4. Connection to nature is still about getting dirty

Although the holistic model of connection to nature brings in social, spiritual and emotional components, there is still a physical element and there is some good work being done that relates to the idea of action and physical challenge.

Toyota’s partnership with DOC encouraging families to get outdoors and take advantage of 11 new and easy ways to access Toyota Kiwi Guardians sites is a great example of showing who you are as a brand by what you do. It’s about supporting kids to engage their senses, take risks and earn themselves a medal in the outdoors. It’s about getting outside into nature, reducing time indoors and in front of screens.

Another similar initiative is Wild Eyes: learn nature ninja skills, get crafty, hunt poo and discover amazing stuff outdoors.

What all these examples demonstrate is a deep-seated understanding of what is important to New Zealanders – not at a superficial level. We aren’t talking about picture postcard views of the scenery, that might work for tourists but not for Kiwis. Nor is it the stereotypical man conquering nature, the tough rugged Kiwi losing himself in the wilderness.

It is about engaging with a much more nuanced and holistic sense of wellbeing through connection with nature – and specifically with our own nature, our unique Kiwi version that we own and have a common love for. Because that’s what a cultural code is. It’s how we know we’re from the same place without having to say anything.

  • The Kiwi Cultural Codes was a collaborative project between TRA and True. 
  • Colleen Ryan, head of strategy at TRA.

This is a community discussion forum. Comment is free but please respect our rules:

  1. Don’t be abusive or use sweary type words
  2. Don’t break the law: libel, slander and defamatory comments are forbidden
  3. Don’t resort to name-calling, mean-spiritedness, or slagging off
  4. Don’t pretend to be someone else.

If we find you doing these things, your comments will be edited without recourse and you may be asked to go away and reconsider your actions.
We respect the right to free speech and anonymous comments. Don’t abuse the privilege.

Preserving Egypt's heritage: how a New Zealander is using VR to take people on a tour through the tombs

  • Advertising
  • July 16, 2018
  • StopPress Team
Preserving Egypt's heritage: how a New Zealander is using VR to take people on a tour through the tombs

The man behind what’s been dubbed ‘the world’s most realistic VR’ is earning worldwide acclaim for his hyper-realistic VR cinematography. Now, Simon Che de Boer’s latest release, Nefertari: Journey to Eternity, takes viewers up close-and-personal in VR to an ancient civilisation that’s not experienced in many people’s lifetimes: Nefertari’s tomb in Egypt. This plays right into the passion driving Che de Boer’s work – to document heritage sites so they’re preserved digitally for years to come.

Read more

Josh Borthwick joins Stuff as commercial director

  • Advertising
  • July 16, 2018
  • StopPress Team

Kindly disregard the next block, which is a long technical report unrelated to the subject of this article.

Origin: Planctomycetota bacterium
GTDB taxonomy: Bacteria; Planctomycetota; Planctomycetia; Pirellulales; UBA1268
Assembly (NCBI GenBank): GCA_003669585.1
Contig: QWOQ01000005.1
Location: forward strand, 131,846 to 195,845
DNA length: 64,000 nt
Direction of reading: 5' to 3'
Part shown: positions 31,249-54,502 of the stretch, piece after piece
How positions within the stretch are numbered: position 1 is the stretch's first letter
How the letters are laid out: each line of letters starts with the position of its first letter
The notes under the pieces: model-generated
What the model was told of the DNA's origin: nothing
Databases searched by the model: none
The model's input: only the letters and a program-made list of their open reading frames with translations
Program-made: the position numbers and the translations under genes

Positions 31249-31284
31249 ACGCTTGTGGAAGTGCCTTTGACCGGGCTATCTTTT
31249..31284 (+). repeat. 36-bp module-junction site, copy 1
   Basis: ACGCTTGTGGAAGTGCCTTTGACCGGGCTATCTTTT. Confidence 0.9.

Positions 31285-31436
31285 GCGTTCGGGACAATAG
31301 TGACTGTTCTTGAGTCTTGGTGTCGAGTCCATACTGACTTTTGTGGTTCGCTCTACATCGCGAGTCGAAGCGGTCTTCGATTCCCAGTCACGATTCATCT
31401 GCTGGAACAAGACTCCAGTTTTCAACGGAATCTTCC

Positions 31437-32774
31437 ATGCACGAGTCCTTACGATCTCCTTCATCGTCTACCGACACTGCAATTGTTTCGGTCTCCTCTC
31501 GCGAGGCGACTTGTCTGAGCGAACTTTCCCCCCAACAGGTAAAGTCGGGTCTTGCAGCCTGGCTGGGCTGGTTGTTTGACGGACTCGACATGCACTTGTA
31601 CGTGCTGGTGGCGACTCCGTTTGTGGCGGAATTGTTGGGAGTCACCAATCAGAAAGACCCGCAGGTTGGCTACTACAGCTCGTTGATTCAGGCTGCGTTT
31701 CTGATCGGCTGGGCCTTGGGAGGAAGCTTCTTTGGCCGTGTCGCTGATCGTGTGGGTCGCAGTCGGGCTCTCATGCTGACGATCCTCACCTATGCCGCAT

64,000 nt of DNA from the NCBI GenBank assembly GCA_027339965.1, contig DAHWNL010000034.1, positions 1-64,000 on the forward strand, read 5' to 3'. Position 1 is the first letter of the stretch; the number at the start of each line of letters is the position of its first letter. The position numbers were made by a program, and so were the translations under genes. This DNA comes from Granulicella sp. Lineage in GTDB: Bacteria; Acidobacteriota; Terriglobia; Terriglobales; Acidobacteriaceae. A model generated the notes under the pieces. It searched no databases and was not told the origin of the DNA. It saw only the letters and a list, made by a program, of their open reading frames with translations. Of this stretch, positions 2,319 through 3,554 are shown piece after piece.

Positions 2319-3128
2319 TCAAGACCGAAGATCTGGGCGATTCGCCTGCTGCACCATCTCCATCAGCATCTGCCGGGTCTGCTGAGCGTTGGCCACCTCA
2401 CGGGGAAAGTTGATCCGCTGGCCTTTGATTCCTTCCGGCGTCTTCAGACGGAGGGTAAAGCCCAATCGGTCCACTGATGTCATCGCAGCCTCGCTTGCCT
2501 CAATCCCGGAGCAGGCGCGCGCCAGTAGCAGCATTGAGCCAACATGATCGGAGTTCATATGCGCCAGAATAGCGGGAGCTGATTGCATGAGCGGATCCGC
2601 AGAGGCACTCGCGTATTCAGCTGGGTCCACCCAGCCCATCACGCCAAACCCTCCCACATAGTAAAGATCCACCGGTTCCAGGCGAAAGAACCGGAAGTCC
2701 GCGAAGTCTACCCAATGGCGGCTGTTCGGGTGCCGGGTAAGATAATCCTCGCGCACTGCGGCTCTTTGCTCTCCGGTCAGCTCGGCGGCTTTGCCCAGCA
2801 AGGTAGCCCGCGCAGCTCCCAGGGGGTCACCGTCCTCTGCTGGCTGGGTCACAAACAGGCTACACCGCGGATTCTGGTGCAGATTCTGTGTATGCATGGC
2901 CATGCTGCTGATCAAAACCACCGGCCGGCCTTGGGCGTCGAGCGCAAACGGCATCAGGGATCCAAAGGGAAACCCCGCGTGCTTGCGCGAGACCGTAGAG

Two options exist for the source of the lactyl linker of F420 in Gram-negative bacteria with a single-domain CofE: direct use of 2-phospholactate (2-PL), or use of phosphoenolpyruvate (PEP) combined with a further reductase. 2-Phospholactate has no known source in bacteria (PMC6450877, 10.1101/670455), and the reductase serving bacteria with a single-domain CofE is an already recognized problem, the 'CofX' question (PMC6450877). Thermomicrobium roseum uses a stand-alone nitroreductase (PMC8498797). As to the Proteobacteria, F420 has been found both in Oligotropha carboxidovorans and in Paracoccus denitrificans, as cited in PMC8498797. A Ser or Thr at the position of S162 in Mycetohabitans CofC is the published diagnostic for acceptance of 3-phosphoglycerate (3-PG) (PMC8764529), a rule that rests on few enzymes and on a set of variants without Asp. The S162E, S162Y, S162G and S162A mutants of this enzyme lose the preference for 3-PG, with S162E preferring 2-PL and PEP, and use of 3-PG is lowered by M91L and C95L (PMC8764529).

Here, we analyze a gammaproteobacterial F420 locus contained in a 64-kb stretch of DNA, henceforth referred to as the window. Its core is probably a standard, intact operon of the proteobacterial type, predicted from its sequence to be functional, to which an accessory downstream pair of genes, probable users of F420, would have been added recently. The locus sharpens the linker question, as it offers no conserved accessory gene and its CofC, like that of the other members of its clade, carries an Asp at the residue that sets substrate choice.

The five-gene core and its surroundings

Josh Borthwick joins Stuff as commercial director

Stuff has announced Josh Borthwick will be joining the team as commercial director - agency and direct.

Read more
features

The Hot List winners: content marketer

Back for another year, NZ Marketing has selected the best of the bunch in the media business. While the editorial team put their heads together to figure out who and what came out on top for the judges' choice, our avid StopPress readers with their fingers on the pulse cast 11,293 votes to decide the People's Choice winners.

topics
Beneath the Surface
Beneath the Surface
In this series, brought to you by Microsoft, we talk to a conceptual photographer, illustrator ...
Insight Creative
Insight Creative
Insight Creative specialises in shaping business stories out the core insights that often lie under ...
20/20 (tele)vision
20/20 (tele)vision
Media consumption is changing. But by how much?
The Hot List
The Hot List
Our rundown of the hottest shows, brands and creators in New Zealand media. 1. magazine ...
Cannes Lions 2017
Cannes Lions 2017
All the winners, the shortlists and the drama from this year's edition of advertising biggest ...
Merger Mania
Merger Mania
All our stories on the nation's two failed mergers in one place
Bauer Beyond the Page
Bauer Beyond the Page
When it comes to creating branded content, there are few better in the Kiwi market ...
The Indies
The Indies
Over the course of this series of articles, we look at how always-nimble indy agencies ...
AdRoll on automation
AdRoll on automation
Marketing automation is tipped to eventually become the only way advertising is traded in the ...
Game Changers
Game Changers
It’s all about PEOPLE. Join us as we discuss global insights, ideas and innovations from ...
TVNZ-NZ Marketing Awards 2015
TVNZ-NZ Marketing Awards 2015
Celebrating all the winners of the 2015 TVNZ-NZ Marketing Awards.
Future Tense
Future Tense
In a new series, StopPress talks to a range of newsmakers currently trying to shine ...
Beyond the Page
Beyond the Page
In conjunction with the MPA, the Beyond the Page series shows how some of the ...
Up Country
Up Country
In conjunction with News Works, the Up Country series talks with some of New Zealand's ...
Sounding off
Sounding off
As part of a content partnership with MediaWorks, we've asked a few of the company's ...
StopPress Podcasts
StopPress Podcasts
We sit down for a chat with industry leaders to find out what they're up ...
Beyond the Page 2018